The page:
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On this day in music history: April 7, 1987 …

On this day in music history: April 7, 1987 – “Whitesnake”, the seventh album by Whitesnake is released. Produced by Mike Stone and Keith Olsen, it is recorded at Mountain Studios in Vancouver, BC, Canada and Goodnight LA Studios in Los Angeles, CA from September 1985 – November 1986. The band experience numerous setbacks before and after recording starts. Lead singer David Coverdale suffers a serious sinus infection that requires surgery (for a deviated septum) and significant recovery time. Drummer Cozy Powell and Coverdale’s working relationship also become strained, leading to Powell leaving band. He is replaced by veteran rock drummer Aynsley Dunbar (Journey, Jefferson Starship). Once recording gets underway again in August of 1986, there are more changes along the way. They bring in additional musicians including guitarist Adrian Vandenburg, who is eventually asked to join the band. The album becomes their most successful spinning off five singles including “Here I Go Again” (#1 Pop), “Is This Love” (#2 Pop) and “Still Of The Night” (#79 Pop), all of which are supported with videos featuring David Coverdale’s then girlfriend (later wife), actress Tawny Kitaen. The European and US releases of the album differ from the former featuring a different running order and two additional tracks (“Looking for Love” and “You’re Gonna Break My Heart Again”), not included on the US pressing. Also, the songs “Here I Go Again” and “Crying In The Rain” are newly recorded versions originally released on the bands 1982 album “Saints And Sinners”. Due to the album being eponymously titled, in some foreign territories, it is known as “1987” (or “Whitesnake 1987”). The re-titling is done, to avoid confusion with a solo album by Coverdale titled “White Snake”. The album is remastered and reissued in 2007 for its twentieth anniversary as a CD + DVD deluxe edition. The CD features the original eleven song album with four additional live bonus tracks. The DVD disc includes all four of the original music videos made for the singles, plus four live performances. It is also remastered and reissued on vinyl in 2012. “Whitesnake” peaks at number two on the Billboard Top 200, and is certified 8x Platinum in the US by the RIAA.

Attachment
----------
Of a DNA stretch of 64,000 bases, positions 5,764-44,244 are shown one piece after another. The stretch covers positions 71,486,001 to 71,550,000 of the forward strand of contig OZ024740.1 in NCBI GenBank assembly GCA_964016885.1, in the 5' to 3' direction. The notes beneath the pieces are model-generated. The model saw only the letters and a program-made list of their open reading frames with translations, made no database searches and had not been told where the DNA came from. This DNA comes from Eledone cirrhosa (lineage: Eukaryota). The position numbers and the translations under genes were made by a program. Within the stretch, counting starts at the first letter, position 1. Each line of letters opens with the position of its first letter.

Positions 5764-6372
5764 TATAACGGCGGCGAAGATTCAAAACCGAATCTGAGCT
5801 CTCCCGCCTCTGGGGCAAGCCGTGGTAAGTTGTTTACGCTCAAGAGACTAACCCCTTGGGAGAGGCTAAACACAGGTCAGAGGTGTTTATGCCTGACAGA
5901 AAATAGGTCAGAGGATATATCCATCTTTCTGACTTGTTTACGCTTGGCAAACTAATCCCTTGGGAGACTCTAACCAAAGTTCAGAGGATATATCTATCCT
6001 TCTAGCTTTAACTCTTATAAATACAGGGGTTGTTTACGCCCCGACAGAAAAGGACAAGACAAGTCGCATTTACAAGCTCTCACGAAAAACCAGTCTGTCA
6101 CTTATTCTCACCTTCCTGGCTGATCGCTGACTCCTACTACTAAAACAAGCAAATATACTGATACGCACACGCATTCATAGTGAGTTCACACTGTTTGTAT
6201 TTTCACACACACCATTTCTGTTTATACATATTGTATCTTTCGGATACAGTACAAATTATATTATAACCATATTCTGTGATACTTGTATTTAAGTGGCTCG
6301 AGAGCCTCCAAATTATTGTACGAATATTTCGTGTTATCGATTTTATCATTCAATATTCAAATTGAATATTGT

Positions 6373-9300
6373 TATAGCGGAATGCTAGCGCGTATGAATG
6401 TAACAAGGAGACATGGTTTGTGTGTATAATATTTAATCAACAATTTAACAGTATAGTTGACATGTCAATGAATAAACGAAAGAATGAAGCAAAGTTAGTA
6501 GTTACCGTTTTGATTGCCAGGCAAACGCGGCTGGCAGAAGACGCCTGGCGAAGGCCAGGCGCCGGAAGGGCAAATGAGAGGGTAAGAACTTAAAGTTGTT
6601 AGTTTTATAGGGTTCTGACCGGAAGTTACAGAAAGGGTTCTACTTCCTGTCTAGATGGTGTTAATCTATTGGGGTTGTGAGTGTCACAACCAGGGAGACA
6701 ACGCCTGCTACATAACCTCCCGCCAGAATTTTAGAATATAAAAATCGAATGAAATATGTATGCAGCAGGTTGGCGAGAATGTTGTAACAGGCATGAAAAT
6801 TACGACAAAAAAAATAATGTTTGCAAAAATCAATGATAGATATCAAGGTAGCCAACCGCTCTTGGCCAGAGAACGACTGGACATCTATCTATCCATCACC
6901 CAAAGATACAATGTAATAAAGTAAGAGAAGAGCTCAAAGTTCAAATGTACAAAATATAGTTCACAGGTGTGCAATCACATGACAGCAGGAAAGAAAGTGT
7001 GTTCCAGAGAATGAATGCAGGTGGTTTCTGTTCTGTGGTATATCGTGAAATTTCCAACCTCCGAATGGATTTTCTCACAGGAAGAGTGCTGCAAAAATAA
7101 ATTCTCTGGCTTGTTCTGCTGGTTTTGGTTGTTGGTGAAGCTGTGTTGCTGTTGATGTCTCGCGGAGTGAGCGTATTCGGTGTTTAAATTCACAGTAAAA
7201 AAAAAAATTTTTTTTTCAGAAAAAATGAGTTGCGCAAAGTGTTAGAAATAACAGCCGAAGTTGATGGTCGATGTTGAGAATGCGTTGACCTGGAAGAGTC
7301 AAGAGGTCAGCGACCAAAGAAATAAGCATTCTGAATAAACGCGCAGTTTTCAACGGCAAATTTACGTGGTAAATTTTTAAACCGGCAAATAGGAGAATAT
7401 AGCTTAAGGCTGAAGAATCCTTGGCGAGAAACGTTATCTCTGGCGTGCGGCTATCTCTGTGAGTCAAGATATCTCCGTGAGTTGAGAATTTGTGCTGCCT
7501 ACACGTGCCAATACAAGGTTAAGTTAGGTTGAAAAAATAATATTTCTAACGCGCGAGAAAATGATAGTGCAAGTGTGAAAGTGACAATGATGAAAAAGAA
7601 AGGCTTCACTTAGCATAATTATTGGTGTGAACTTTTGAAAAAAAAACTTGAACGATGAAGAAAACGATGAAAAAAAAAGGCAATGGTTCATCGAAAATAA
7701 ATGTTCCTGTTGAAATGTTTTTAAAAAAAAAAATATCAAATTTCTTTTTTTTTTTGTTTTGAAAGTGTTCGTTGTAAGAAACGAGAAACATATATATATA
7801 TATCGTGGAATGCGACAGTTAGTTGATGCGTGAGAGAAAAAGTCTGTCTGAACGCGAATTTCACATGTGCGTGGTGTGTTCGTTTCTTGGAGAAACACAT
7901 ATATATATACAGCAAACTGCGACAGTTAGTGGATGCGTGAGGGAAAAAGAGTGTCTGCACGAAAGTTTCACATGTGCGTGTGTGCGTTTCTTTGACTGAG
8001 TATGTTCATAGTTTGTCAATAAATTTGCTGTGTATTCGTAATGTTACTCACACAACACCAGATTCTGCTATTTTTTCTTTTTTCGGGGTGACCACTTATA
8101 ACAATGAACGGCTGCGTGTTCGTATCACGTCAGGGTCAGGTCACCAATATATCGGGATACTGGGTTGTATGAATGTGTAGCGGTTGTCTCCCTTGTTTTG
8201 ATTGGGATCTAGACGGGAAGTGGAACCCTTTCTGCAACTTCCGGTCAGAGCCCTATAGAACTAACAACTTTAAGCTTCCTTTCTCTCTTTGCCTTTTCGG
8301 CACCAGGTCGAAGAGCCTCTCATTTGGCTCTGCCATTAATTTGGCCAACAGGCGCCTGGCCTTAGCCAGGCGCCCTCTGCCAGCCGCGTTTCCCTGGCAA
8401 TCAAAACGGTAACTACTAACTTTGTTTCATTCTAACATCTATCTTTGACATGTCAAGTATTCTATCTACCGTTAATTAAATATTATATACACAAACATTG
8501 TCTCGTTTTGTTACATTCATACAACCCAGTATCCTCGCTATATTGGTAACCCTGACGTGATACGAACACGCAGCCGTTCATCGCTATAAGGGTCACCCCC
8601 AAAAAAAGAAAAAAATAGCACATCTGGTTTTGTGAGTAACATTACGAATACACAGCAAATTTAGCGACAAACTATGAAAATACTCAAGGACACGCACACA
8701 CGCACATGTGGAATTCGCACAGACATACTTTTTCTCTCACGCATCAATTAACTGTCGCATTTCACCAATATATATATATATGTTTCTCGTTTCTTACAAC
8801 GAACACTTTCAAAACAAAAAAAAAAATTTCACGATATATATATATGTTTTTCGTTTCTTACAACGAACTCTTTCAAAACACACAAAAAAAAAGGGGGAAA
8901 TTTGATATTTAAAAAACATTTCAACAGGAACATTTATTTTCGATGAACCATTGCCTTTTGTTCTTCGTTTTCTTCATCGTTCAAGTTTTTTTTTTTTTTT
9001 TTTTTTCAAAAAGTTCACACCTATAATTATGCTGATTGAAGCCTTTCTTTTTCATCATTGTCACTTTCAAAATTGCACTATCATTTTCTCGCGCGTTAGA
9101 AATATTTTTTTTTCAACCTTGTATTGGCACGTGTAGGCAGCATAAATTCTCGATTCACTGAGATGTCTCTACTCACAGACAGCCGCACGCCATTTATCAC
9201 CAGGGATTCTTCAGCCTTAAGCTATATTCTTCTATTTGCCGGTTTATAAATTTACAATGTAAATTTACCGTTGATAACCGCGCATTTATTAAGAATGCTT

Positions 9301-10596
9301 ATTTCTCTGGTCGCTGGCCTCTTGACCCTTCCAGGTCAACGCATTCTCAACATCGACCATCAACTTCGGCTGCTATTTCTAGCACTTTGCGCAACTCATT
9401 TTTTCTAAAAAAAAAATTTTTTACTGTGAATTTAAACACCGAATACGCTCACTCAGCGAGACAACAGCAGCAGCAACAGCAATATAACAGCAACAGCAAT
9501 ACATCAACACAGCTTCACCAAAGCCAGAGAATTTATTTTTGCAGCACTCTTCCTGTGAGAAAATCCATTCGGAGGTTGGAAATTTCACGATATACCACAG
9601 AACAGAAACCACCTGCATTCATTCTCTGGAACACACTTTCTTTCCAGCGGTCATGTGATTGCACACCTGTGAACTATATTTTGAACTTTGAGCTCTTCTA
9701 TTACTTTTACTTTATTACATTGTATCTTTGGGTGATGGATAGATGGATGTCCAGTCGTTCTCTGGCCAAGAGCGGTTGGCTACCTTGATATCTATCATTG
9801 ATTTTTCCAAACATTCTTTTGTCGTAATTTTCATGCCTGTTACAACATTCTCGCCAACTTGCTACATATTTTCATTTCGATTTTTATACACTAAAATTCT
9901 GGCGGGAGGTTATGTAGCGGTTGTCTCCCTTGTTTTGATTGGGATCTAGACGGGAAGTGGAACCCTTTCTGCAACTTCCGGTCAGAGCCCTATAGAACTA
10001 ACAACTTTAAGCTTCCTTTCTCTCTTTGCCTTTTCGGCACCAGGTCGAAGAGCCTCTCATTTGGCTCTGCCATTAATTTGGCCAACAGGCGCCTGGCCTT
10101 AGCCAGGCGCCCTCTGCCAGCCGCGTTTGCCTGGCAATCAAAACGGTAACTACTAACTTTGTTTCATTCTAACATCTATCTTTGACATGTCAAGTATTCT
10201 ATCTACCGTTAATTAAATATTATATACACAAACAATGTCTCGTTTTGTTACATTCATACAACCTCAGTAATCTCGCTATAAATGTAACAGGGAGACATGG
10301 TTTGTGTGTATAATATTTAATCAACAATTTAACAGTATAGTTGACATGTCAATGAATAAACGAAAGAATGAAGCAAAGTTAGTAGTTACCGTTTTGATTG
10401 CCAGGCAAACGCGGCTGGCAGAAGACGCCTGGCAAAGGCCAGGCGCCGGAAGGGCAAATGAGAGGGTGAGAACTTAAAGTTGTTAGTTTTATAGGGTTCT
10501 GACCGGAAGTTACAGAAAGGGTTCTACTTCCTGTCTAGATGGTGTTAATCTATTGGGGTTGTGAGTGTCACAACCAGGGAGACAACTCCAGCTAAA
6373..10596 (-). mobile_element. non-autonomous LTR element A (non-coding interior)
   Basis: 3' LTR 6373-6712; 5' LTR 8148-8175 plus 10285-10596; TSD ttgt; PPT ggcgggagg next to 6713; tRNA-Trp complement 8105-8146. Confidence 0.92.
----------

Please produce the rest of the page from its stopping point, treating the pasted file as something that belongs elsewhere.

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On this day in music history: March 29, 1982 -…

On this day in music history: March 29, 1982 – “The Number Of The Beast”, the third album by Iron Maiden is released. Produced by Martin Birch, it is recorded at Battery Studios in London from January – February 1982. Following the release and tour for their second album “Killers”, the band’s previous lead singer Paul Di’Anno is fired due to his ongoing alcohol and cocaine abuse. The follow up album is the first to feature new lead singer Bruce Dickinson who contributes heavily to the new material, but is unable to receive proper credit for legal reasons. Spinning off three singles including “Run To The Hills”, it is the bands most successful release to date, and is regarded as a landmark heavy metal album. Following the release of the album, a number of stories about its recording circulate in the music press and among fans about by several unexplained events that take place during the recording. Several times, the lights inside of Battery Studios switch on and off on their own, recording gear breaks down mysteriously, and producer Martin Birch is involved in a minor car accident running into a bus transporting a group of nuns. Reportedly, he receives a bill for damages amounting to £666. First issued on CD in 1987, it is remastered and reissued in 1998 as a double CD (Europe only) and single disc set. The import edition features two bonus tracks on the second CD (an enhanced CD)with the music videos for “Run To The Hills” and the title track. Out of print on vinyl for over two decades, it is reissued by UMe (Universal Music Enterprises) in 2012 as a limited edition picture disc. “The Number Of The Beast” hits number one on the UK album chart, peaking at number thirty three on the Hot 100, and is certified Platinum in the US by the RIAA.